A member of Cincinnati City Council has proposed new legislation to remove what he has called a significant barrier to housing for University of Cincinnati students who rent homes in Clifton and throughout the city.
Cincinnati City Council will consider the measure by Cincinnati councilman P.G. Sittenfeld — dubbed Renter’s Choice — this month, which would allow a tenant within the city of Cincinnati to choose between making a traditional security deposit or purchasing a security deposit-like insurance that provides full coverage for both tenant and landlord when applying for a home or rental unit.
“If you’ve graduated from UC, let’s say you’ve worked hard and you’re going to be starting a $40,000 a year job, but you don't have $750 or $1000 sitting around,” said Sittenfeld. “That shouldn't be the barrier to housing. I want to remove this from housing, and [Renter’s Choice] puts that money back in your pocket immediately.”
The legislation would provide full coverage for the tenant and landlord, for as little as $3 a month, according to Sittenfeld. This monthly premium would provide the same level of coverage as a cash security deposit required by a landlord, he said.
“An alternative to the traditional, significant, upfront past security deposits is to have a low dollar monthly insurance premium,” Sittenfeld said. “And in doing that, it gives the tenant, the renter and the landlord all of the same protections, as though they actually did have the security deposit.”
The provider of the insurance would come from the private sector, and Sittenfeld said he drafted the legislation so the cost of the insurance premium cannot be predatory. The monthly insurance rate would vary from tenant to tenant, depending on certain circumstances.
“There are other considerations, like person's credit history and things like that,” Sittenfeld said. “But the entire point on the legislator side is a low-cost alternative. So, on a $700 a month one bedroom — that $3 number absolutely could be realistic. But the number could change if it was a $1,200 two bedroom. It depends on a number of factors.”
“Renter’s Choice” would also make moving easier, he said, as the insurance can be transferred from one place to another. This differs from the current model, where a renter’s security deposit may be tied up with their current landlord, and the renter has to come up with another amount of cash to provide as security deposit to a new landlord.
Members of the local community have been very supportive since the introduction of the legislation because it gives tenants the choice to choose what works best for them, Sittenfeld said.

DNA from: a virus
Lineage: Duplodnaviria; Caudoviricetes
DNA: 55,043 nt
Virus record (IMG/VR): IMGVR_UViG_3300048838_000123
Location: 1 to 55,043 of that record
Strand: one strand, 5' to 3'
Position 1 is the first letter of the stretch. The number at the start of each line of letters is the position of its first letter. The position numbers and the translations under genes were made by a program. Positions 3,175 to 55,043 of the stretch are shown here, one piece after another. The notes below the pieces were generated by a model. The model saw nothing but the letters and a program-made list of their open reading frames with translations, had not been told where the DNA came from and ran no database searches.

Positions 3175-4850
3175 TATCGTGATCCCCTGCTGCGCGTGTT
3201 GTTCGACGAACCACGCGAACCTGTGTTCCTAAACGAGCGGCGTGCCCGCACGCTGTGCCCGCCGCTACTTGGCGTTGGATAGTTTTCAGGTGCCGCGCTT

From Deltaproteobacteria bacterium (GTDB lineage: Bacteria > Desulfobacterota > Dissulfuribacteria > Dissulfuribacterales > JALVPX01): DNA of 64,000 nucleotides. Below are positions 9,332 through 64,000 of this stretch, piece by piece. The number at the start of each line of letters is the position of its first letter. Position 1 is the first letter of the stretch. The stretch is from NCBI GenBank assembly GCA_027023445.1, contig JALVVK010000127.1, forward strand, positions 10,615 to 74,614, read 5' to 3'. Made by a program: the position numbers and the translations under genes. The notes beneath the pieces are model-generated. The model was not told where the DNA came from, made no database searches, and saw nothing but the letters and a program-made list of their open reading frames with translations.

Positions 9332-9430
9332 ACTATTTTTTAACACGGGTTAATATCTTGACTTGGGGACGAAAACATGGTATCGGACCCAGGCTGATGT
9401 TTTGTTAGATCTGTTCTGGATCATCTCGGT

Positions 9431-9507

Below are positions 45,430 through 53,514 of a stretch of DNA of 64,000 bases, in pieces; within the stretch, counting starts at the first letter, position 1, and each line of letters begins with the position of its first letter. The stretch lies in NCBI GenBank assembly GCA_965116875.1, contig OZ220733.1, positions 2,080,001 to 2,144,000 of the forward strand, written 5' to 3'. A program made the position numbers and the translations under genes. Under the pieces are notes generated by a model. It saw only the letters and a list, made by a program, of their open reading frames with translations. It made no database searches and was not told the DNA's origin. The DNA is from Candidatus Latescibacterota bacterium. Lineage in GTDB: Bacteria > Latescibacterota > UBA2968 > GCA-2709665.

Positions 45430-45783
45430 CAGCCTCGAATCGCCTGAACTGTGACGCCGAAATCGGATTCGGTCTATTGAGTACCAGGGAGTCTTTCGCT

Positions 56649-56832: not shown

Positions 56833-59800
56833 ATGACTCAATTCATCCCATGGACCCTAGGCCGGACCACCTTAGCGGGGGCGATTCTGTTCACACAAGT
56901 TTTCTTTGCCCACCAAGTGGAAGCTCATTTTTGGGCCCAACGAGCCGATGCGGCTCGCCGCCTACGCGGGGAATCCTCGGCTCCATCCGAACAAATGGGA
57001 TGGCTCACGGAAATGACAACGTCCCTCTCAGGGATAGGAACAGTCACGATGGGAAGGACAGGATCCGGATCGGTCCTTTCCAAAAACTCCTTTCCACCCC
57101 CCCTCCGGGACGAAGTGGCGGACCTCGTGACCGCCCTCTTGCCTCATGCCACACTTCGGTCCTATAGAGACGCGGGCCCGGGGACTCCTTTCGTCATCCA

“I think on the tenant side, people have been very excited, because at the end of the day, it's giving them a choice,” he said. “No tenant or renter is forced to do anything — it just empowers them to say, ‘Yeah, I would rather have my security deposit back in my pocket right now and replace that with a low dollar insurance premium.’ They’re empowered to make that choice.”
Landlords are digesting “Renter’s Choice,” as it is a stark contrast to the traditional security deposit, said Sittenfeld. Although change may be daunting, the councilman sees the proposed legislation as a win-win for both tenant and landlord.
“Just because the tenants and the renters are ‘winning’ doesn't mean the landlords are losing,” he said. “The whole point of this is that they have all the same protections. In fact, I think the argument can logically be made that landlords and property owners are actually better off because by removing that barrier to housing, you're actually increasing the pool of potential renters.”
Cincinnati would be the first city in the U.S. to implement such legislation. After Sittenfeld unveiled the concept to hundreds of leaders around the county at a conference in Washington, D.C., elected leaders across the country are looking to bring the concept to their cities as well.
“The benefits that I've laid out removes a barrier to housing, puts money back in people's pockets and immediately churns money through the economy,” Sittenfeld said. “[I thought] ‘How can I as a policymaker, and as a city leader in Cincinnati accelerate those outcomes?’ This is where we're taking an innovation from the private sector and marrying it with smart progressive legislation to help move this along.”